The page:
I saw something weird yesterday. It felt eschatological, like locusts and blood moons.
On the front lawn of Parliament, people were eating their lunch in the shade of a huge pōhutukawa. They were hiding from the sun. In Wellington.
On my way home, I passed a young woman with a skateboard in a bikini. Downtown. In Wellington.
Both sights made me wonder where I was. Maybe I actually live in Gisborne.
I'm slow to catch on. I should have seen something was amiss when the Capital hosted a cricket test without losing a single ball to squall or drizzle. It's unnatural.
Now, after eleven straight days over twenty degrees, and with more forecast, it's time to discuss coping strategies. We should be comfortable while we await the four horsemen.
Having had a childhood in both Gisborne and Invercargill I have some practice at the extremes and have been asked to offer sage advice.
Given the 'end times' metaphor you might consider praying. Whether you pray for more or less heat may depend on whether you're responsible for water management. But remember, as Noah can attest, divine interventions can have uneven results.
In Africa, with a more cynical view of such interventions, they say to end a drought you should schedule an important cricket match. Been there - didn't work.
You could, like me, get a job in a windowless office, so you can avoid even being aware it's hot outside. (Yes, I can hear your tiny violins playing for me from here.)
My mother swears by a wet flannel against across the back of the neck, which does feel wonderful. But we can do better. Reporting for RNZ in India a few years ago I weaponised her technique, buying a floppy cotton hat and wearing it wet. I probably poured as much water on the hat as I drank. It steamed away like a kettle and acted as a radiator. I may have looked like I was on fire but I felt great.
If it gets really nasty and your brain threatens to melt into fondue you can experiment with holding an ice-cube against the roof of your mouth. That'll cool down your brain quick fast.
Many of my Gisborne childhood lawn games involved a hose, and getting very wet. Don't leave this level of joy only to children. Grab a hose, dance in a fountain, swim in your business suit. But remember, your regional council will get very grumpy if you decide to play with a sprinkler.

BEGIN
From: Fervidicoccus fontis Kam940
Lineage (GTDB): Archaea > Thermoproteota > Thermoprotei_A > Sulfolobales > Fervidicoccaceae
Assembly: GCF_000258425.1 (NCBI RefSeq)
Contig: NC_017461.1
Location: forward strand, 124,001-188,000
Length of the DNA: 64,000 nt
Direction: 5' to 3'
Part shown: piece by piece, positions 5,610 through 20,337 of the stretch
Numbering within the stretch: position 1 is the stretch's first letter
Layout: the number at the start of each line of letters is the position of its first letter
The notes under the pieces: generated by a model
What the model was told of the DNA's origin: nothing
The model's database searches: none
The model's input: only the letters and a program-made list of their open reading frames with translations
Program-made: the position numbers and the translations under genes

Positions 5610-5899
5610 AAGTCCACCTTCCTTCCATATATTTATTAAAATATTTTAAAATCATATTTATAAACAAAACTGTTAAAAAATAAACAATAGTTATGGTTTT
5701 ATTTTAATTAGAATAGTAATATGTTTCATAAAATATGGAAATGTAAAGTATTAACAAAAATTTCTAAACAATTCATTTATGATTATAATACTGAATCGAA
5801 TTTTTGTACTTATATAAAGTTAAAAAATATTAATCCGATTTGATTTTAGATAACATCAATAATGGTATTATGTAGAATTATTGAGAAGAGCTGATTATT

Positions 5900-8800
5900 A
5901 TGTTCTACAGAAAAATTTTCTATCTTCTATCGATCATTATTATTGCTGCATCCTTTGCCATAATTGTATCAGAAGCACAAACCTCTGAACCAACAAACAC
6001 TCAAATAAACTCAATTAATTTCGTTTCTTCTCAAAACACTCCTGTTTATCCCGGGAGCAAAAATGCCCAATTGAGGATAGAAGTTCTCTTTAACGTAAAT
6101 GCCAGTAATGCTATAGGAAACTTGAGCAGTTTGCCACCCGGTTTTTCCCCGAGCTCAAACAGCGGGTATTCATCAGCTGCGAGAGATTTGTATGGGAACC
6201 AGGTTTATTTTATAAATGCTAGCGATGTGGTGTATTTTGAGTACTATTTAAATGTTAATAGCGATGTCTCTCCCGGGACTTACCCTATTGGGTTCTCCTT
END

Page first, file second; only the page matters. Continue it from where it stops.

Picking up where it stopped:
Counter-intuitively you might actually be better off if you move somewhere hotter. Hot towns are used to heat and design with it in mind. That's why they have all those shade trees up the street and verandas on every house. So, while no sane East Coast architect would ever put a kitchen facing the sun, in Wellington people with heat pumps have never conceived of using them for air conditioning.
And, following the tradition of all small, hot, New Zealand towns you could retreat your dress sense to the ugly but practical 1970s and go to work in a sharp pair of walk-shorts. The long socks are optional.
To really wrestle the joy from it, you could, as one Wellington brewer did yesterday, pack in work, make a sour-beer and vodka slushy and head to the beach. Walking is probably safest.
Practically speaking, you should certainly buy a roof-rainwater tank, and stock up on malaria medication; for example gin and tonic.
And eat ice cream, or even better gelato. Lots, and lots of it. It's practically medicinal.
One MP cheekily pointed out this week that it hasn't rained since the government changed. Whether that's good or bad is a matter of perspective, but it's obviously causative.
"Now is the winter of our discount tents, made glorious summer by this daughter of Mount Albert;" or something like that.
And finally, in case of emergencies (like a lack of Pimms):
Strawberry Soda Recipe:
- 1-2 crushed strawberries per tall glass (the on-trend can refer to them as smashed)
- 50mls lemon juice
- Sugar water (i.e. some light syrup, how light depends on your diabetes desire)
- Top up with soda and ice cubes
- Sip and sigh deeply